• Deficit Double Kettlebell Romanian Deadlift / Suitcase Deadlift – 5 sets of 8 repetitions, as heavy as possible. Similar to the goblet squat, the loading that is needed to deliver enough stimulus to increase strength may not be available using only one kettlebell. If you do have 100-150 lb kettlebells laying around, you are in luck. If however you do not, you will need to use the heaviest pair of kettlebells that you can to complete the reps. If you choose to do the kettlebell suitcase deadlift, be sure to feel tension in the hamstrings, hips, and middle/upper back.
  • Kettlebell Walking Lunge (kettlebells to sides, not in front rack) – 4 sets of 20 steps, as heavy as possible. The key here is to use as heavy as weight as possible yet still allow for proper joint and muscle function. Be sure to keep the kettlebells down by the sides rather than in the front rack, as front rack lunges are often limited by our upper back and core strength. By carrying the kettlebells to the sides, we are able to overload the lower body directly.
  • Standing Kettlebell Calf Raise – 5 sets of 20 repetitions, resting 45-60 seconds between sets. This can be done by standing with the toes on plates or small wood block with the kettlebells being held to the sides. If you are a strength, power, and fitness athlete, check out our article covering whether or not calf raises are worth it.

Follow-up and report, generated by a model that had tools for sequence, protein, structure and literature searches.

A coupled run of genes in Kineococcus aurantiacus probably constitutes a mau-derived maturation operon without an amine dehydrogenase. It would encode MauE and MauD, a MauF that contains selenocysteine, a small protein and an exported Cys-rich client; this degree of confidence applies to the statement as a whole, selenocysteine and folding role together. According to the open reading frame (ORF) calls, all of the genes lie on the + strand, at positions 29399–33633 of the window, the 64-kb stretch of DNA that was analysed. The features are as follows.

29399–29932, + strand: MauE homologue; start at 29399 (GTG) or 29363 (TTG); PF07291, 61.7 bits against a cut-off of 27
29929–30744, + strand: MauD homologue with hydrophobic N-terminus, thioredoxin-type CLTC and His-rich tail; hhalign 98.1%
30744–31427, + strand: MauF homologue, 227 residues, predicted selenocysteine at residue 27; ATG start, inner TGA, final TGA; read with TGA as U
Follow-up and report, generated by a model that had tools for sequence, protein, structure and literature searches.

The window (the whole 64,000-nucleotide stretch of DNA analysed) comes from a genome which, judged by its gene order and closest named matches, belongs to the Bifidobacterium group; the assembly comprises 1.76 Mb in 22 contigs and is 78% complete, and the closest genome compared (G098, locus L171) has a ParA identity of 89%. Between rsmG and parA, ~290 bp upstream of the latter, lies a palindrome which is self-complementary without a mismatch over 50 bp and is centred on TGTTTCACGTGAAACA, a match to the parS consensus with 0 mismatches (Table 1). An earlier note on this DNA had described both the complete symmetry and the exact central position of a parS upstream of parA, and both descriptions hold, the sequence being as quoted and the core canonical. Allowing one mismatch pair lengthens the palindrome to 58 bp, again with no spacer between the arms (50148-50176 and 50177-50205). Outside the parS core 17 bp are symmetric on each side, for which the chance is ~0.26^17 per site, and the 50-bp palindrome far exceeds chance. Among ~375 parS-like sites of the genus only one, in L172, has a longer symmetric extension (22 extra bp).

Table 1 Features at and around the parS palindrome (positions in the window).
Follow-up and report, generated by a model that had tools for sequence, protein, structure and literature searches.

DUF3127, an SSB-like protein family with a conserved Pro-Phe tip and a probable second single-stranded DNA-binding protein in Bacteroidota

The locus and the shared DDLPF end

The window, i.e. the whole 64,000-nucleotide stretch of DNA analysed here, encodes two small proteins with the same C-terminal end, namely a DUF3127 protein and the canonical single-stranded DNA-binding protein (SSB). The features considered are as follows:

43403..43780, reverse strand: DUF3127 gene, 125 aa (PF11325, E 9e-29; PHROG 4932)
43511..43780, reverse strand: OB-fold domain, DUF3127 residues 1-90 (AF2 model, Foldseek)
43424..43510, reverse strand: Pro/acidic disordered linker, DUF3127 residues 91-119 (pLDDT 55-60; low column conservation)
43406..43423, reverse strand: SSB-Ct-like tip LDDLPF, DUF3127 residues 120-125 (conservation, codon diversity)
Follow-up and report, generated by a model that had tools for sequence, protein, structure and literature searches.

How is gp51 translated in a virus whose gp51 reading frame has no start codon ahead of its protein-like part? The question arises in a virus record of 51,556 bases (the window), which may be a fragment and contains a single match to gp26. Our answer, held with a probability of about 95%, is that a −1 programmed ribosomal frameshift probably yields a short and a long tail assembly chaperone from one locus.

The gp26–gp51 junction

Featured Image: @poweralleytraining on Instagram


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Mike holds a Master's in Exercise Physiology and a Bachelor's in Exercise Science. Currently, Mike has been with BarBend since 2016, where he covers Olympic weightlifting, sports performance training, and functional fitness. He's a Certified Strength and Conditioning Specialist (CSCS) and is the Assistant Strength and Conditioning Coach at New York University, in which he works primarily with baseball, softball, track and field, cross country. Mike is also the Founder of J2FIT, a strength and conditioning brand in New York City that offers personal training, online programs for sports performance, and has an established USAW Olympic Weightlifting club.In his first two years writing with BarBend, Mike has published over 500+ articles related to strength and conditioning, Olympic weightlifting, strength development, and fitness. Mike’s passion for fitness, strength training, and athletics was inspired by his athletic career in both football and baseball, in which he developed a deep respect for the barbell, speed training, and the acquisition on muscle.Mike has extensive education and real-world experience in the realms of strength development, advanced sports conditioning, Olympic weightlifting, and human movement. He has a deep passion for Olympic weightlifting as well as functional fitness, old-school bodybuilding, and strength sports.Outside of the gym, Mike is an avid outdoorsman and traveller, who takes annual hunting and fishing trips to Canada and other parts of the Midwest, and has made it a personal goal of his to travel to one new country, every year (he has made it to 10 in the past 3 years). Lastly, Mike runs Rugged Self, which is dedicated to enjoying the finer things in life; like a nice glass of whiskey (and a medium to full-bodied cigar) after a hard day of squatting with great conversations with his close friends and family.